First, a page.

Silvio Berlusconi, Italy's controversial leader is trying to survive the latest political crisis affecting his career as Tuesday as he faces a crucial parliamentary vote which could bring down his stricken coalition after three years in power.

Outspoken, flamboyant and a little vain, Berlusconi has long remained a compelling presence on the international scene despite facing domestic criticisms for his handling of Italy's affairs.

Despite a domestic public divided between the Berlusconi lovers and haters, Italy's prime minister has now managed to survive a series political crisis and sex scandals.

Berlusconi's career is certainly marked by ups and downs, but despite numerous trials, no charges against him have ever been established in courts.

Born in Milan in 1936, Berlusconi was always attracted by the spotlight and started his career as a lounge room crooner, working on a cruise ship to help fund his law studies.

Money and power however first arrived through his entrepreneurial skills as a property developer in the late 1960s .

In the 70s he started to diversify by setting up a TV cable company, Telemilano, which would later be integrated in his Finivest group which also included department stores, insurance companies and the football club, AC Milan.

Berlusconi then turned his attention to politics in the early 1990s and formed his centre-right Forza Italia party and was elected as Italy's prime minister in 1994.

Following allegations of fraud and a dispute with his coalitions partners Berlusconi resigned just seven months after coming to power.

He lost the 1996 elections and was embroiled in more financial scandals but was cleared of any wrongdoing on appeal in 2000.

In 2001, he made a come-back and was sworn in as Prime Minister for a second time but left power in 2006.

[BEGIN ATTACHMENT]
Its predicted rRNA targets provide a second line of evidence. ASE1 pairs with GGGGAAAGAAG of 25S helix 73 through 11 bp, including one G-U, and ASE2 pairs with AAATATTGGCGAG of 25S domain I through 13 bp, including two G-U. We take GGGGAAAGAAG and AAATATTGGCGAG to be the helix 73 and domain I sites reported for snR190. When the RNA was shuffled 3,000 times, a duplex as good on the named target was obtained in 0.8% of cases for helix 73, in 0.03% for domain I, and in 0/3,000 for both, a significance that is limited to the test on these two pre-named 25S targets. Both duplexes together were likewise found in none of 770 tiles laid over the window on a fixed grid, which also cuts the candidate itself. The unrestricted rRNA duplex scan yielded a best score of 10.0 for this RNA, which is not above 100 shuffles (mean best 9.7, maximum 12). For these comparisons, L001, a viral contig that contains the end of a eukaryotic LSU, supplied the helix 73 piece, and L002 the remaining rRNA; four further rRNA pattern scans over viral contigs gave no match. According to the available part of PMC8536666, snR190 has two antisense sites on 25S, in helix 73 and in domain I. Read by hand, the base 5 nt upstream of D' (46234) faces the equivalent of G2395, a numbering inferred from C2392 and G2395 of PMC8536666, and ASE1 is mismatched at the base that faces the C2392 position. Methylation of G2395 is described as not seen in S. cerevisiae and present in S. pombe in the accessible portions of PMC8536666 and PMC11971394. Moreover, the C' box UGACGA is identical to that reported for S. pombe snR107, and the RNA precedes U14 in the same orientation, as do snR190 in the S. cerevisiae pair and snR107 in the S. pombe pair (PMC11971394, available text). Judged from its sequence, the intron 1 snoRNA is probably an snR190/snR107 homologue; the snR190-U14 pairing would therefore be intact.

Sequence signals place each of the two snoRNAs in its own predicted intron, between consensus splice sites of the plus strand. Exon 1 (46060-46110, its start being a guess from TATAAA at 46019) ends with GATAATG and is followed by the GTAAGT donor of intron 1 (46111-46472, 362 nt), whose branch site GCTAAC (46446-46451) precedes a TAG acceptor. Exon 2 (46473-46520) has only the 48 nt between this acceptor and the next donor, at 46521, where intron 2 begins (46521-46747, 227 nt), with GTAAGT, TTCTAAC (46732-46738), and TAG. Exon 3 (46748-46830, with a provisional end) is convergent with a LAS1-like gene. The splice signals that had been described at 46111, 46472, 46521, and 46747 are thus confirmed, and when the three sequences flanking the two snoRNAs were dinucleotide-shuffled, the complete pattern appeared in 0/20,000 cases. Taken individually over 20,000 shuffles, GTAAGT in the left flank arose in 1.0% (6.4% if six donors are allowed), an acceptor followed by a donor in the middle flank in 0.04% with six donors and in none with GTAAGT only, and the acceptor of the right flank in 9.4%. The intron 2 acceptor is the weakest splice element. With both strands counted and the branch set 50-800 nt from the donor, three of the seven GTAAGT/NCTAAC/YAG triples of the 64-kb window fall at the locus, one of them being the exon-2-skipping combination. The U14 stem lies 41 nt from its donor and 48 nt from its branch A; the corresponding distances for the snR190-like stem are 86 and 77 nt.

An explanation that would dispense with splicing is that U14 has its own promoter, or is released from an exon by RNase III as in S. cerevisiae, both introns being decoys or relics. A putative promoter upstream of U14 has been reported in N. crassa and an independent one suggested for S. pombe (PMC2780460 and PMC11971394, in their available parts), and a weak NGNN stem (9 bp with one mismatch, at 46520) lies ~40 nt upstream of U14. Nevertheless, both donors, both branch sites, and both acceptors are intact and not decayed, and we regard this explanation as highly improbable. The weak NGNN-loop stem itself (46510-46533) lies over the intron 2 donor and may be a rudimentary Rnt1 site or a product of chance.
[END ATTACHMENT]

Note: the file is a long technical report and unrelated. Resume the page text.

He regained the PM position in 2008 under the banner of the newly-created People of Freedom party.

While he was praised for his handling of the L'Aquila earthquake, the politician was accused of having had an inappropriate relationship with an 18-year-old aspiring model whose birthday party he had attended.

His decline in popularity continued and he illicited public sympathy after being attacked during a campaign rally in 2009.

Meanwhile, his company, Mediaset was still under tax fraud investigation and the leader also had to face the deepening of a financial crisis.

More sex scandals followed after he was accused of having sex with an underage girl and the politician's famous "bunga bunga" parties came under increasing media and legal scrutiny, in the last few months.

Berlusconi denied all charges and accused prosecutors of conspiring against him in a left-wing plot. "Communism never changes in Italy. There are still people who use the penal code as a weapon in their ideological battles," he said earlier this year.

However his political vows did not end there with Italy's financial situation becoming critical, the leader's fate might be sealed after today's key parliamentary vote.

But Berlusconi's main coalition partner, Umberto Bossi of the Northern League, called on him to resign Tuesday morning.

"We have asked Berlusconi to step aside," he said. He added that the 75-year-old media mogul should be replaced by the secretary of his ruling People of Freedom party, Angelino Alfano.

The Northern League has been Berlusconi's closest and indispensable ally in Parliament for years. The prime minister will face Tuesday a crucial vote on Italy's public accounts as the interest rate on Italian 10-year bonds hit a new high of 6.733 per cent.